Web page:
Challenges of providing better housing to city folk

REHOMING residents is one of the challenges faced by Federal Territories Ministry as it aims to provide better and more comfortable living conditions for the B40 group.

Federal Territories Minister Tan Sri Annuar Musa recently conducted a walkabout at Sri Labuan Public Housing in Bandar Tun Razak and Kampung Chubadak Tambahan in Taman Dato’ Senu, both in Kuala Lumpur, to find out housing issues affecting residents there.

Annuar announced that those who owned flats at Sri Labuan would be given replacement units at Razak Mas 2, a Residensi Wilayah project in Bandar Tun Razak, Kuala Lumpur, free of charge.

“These new units will be twice the size of the owners’ existing units, ” he said.

Razak Mas 2 has 840 three-room and two-bathroom units which cost RM198,000 each. Each unit is 840sq ft.

The Sri Labuan affordable housing project, which is just two minutes away from Razak Mas 2, was built in the 1980s.

The blocks consist of 640 units. Measuring between 400sq ft and 500sq ft, the units had cost between RM21,500 and RM28,400 each when first launched.

Of the total number of units, only 295 are privately-owned.

Under the Wilayah Prihatin programme, the land where the Sri Labuan flats is sitting on is the first site to be earmarked by Federal Territories Ministry for redevelopment to provide better housing for city folk.

Stressing that this was a necessary move to create more conducive living conditions in affordable housing units, Annuar highlighted a salient point brought up by Housing and Local Government Minister Zuraida Kamarudin in June.

At the launch of a Soho and serviced apartment tower, she had said that the Covid-19 crisis had brought to light how those in the B40 group, especially ones with large families, had suffered living in cramped conditions throughout the movement control order period.

At a press conference held after a walkabout at the Sri Labuan Public Housing and during a question-and-answer session with residents, Annuar said Kuala Lumpur City Hall (DBKL) had bought apartment units from the developer of Razak Mas 2 so that they could be given as replacement homes to Sri Labuan unit owners.

DBKL had taken ownership of the Sri Labuan land and would take charge of the redevelopment project, revoking a previous agreement to cede the land to the developer.

“Those who are currently renting in Sri Labuan will be given priority to buy units at Razak Mas 2 at 30% off the listed price of RM198,000.

“For second-generation dwellers in Sri Labuan, DBKL will allow this group to buy the upcoming units (also at discounted prices) which will be constructed at the Sri Labuan site, upon completion.

“In this way, we aim to provide better and more comfortable living conditions to the B40 group in Kuala Lumpur, ” said Annuar.

Residents Affendi Harith and Sharifah Norhayati Syed Basri welcomed the Federal Territories Minister’s announcement, saying that moving to the new units would give families a better quality of life.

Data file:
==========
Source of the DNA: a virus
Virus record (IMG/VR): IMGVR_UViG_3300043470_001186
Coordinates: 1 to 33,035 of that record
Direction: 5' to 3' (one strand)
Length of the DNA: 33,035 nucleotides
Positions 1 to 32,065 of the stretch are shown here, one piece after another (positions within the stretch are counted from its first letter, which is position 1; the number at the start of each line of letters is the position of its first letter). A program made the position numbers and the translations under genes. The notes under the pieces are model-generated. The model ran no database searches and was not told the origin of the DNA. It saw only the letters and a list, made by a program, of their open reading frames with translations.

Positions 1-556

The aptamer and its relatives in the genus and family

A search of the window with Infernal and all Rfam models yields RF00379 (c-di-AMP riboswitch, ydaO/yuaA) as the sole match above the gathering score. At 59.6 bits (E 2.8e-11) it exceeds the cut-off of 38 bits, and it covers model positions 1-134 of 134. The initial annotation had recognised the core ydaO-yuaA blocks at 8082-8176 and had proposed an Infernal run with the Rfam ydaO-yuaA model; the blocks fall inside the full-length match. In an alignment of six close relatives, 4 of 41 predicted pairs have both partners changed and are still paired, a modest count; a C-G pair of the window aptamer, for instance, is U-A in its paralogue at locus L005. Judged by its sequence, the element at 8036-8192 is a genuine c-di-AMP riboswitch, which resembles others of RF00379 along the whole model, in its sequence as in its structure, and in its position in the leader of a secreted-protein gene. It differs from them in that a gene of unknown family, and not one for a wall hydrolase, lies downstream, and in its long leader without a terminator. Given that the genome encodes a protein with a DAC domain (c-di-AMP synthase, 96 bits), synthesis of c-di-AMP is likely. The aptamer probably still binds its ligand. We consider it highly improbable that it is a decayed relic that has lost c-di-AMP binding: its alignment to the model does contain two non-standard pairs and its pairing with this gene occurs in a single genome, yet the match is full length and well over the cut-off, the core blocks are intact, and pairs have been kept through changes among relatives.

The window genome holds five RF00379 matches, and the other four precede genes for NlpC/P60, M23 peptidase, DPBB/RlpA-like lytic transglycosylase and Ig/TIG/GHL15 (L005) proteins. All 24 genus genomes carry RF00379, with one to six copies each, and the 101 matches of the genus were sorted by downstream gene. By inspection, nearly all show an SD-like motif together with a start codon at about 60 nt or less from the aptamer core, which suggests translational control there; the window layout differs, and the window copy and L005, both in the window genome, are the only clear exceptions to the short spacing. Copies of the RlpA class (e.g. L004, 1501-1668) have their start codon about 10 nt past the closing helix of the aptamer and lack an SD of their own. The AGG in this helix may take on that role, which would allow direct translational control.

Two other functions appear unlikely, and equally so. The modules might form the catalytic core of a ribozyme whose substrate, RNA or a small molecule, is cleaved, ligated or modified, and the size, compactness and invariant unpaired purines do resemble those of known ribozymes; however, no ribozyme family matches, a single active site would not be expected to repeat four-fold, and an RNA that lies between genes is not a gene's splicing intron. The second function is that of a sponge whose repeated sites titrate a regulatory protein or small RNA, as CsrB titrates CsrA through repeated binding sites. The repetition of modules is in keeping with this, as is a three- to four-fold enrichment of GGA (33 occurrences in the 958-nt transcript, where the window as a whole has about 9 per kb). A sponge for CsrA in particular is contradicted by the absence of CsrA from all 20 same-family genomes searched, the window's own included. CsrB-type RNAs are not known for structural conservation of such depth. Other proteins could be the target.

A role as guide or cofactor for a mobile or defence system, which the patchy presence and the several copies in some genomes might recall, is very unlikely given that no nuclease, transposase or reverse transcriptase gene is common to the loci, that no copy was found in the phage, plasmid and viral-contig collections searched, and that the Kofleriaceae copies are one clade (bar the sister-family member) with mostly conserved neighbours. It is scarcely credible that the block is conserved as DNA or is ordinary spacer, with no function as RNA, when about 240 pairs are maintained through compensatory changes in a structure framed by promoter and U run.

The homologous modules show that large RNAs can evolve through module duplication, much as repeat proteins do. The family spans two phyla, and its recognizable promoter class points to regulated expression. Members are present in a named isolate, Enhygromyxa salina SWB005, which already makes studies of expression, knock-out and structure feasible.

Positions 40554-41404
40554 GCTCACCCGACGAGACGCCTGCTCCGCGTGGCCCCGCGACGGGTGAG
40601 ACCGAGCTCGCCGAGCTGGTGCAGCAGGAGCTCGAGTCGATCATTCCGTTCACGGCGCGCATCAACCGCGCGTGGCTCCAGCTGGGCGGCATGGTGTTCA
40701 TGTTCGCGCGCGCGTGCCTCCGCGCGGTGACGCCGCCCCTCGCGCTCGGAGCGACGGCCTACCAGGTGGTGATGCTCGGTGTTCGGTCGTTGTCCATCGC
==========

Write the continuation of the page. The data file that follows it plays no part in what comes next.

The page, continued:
“After 35 years, wear and tear in the building is starting to show.

“Many of the facilities, like the lifts and plumbing have broken down. The sewerage system overflows when it rains. In units with only one room, it is not uncommon to see family members sleeping in the hall, ” they said.

Fighting for a home

Over at Kampung Chubadak Tambahan, where the land has been earmarked for development of a township, resident Mohamad Ashraf Hamzah and his steering committee are fighting for everyone to be given immediate ownership to units at Sentul Murni People’s Housing Project (PPR) in Jalan Pinggiran.

“It is our right because it was not us who wanted to move in the first place. We have not been given prior notice but they want us to move as soon as possible, ” said Mohamad Ashraf who has lived there since the 1960s.

None of the residents have legal ownership to the residential units. Once a reserve land, the status was changed when it was bought by a mining company which later sold it to a property developer.

According to a previous report, the National Housing Department had issued offer letters to the Sentul Murni PPR to 340 first-generation residents of Kampung Chubadak Tambahan during a presentation ceremony in 2018.

It was also announced then that another 160 houses would be offered to the second generation.

The condition then was that those who had been offered were required to pay a monthly instalment of RM255, including RM50 as maintenance fees for 25 years before they could get ownership of the houses under the rent-to-own concept.

The Sentul Murni PPR comprises 500 units. Each has a floor area of 700sq ft with three bedrooms and two bathrooms.

The government subsidy for each unit then was RM129,200 per unit. The cost, including land and infrastructure, was RM164,200. The selling price per house was RM35,000 per unit.

Mohamad Ashraf revealed that 190 families were still residing in the village.

“Of this number, only 113 are being considered for housing offers at Sentul Murni PPR.”

He said residents were not satisfied with the conditions. Adding to their chagrin was the discovery that some applications were approved and others rejected based on criteria that they claimed were questionable.

They are also unhappy that some residents are being excluded.

The villagers also claimed that those who had land or property in other states were given approval.

“We want them to give us immediate ownership so that we can move into the Sentul Murni PPR, ” said Mohamad Ashraf.

During a dialogue, Annuar said every effort would be made to simplify the housing application process.

However, he also stressed that not everybody would get what they wanted.

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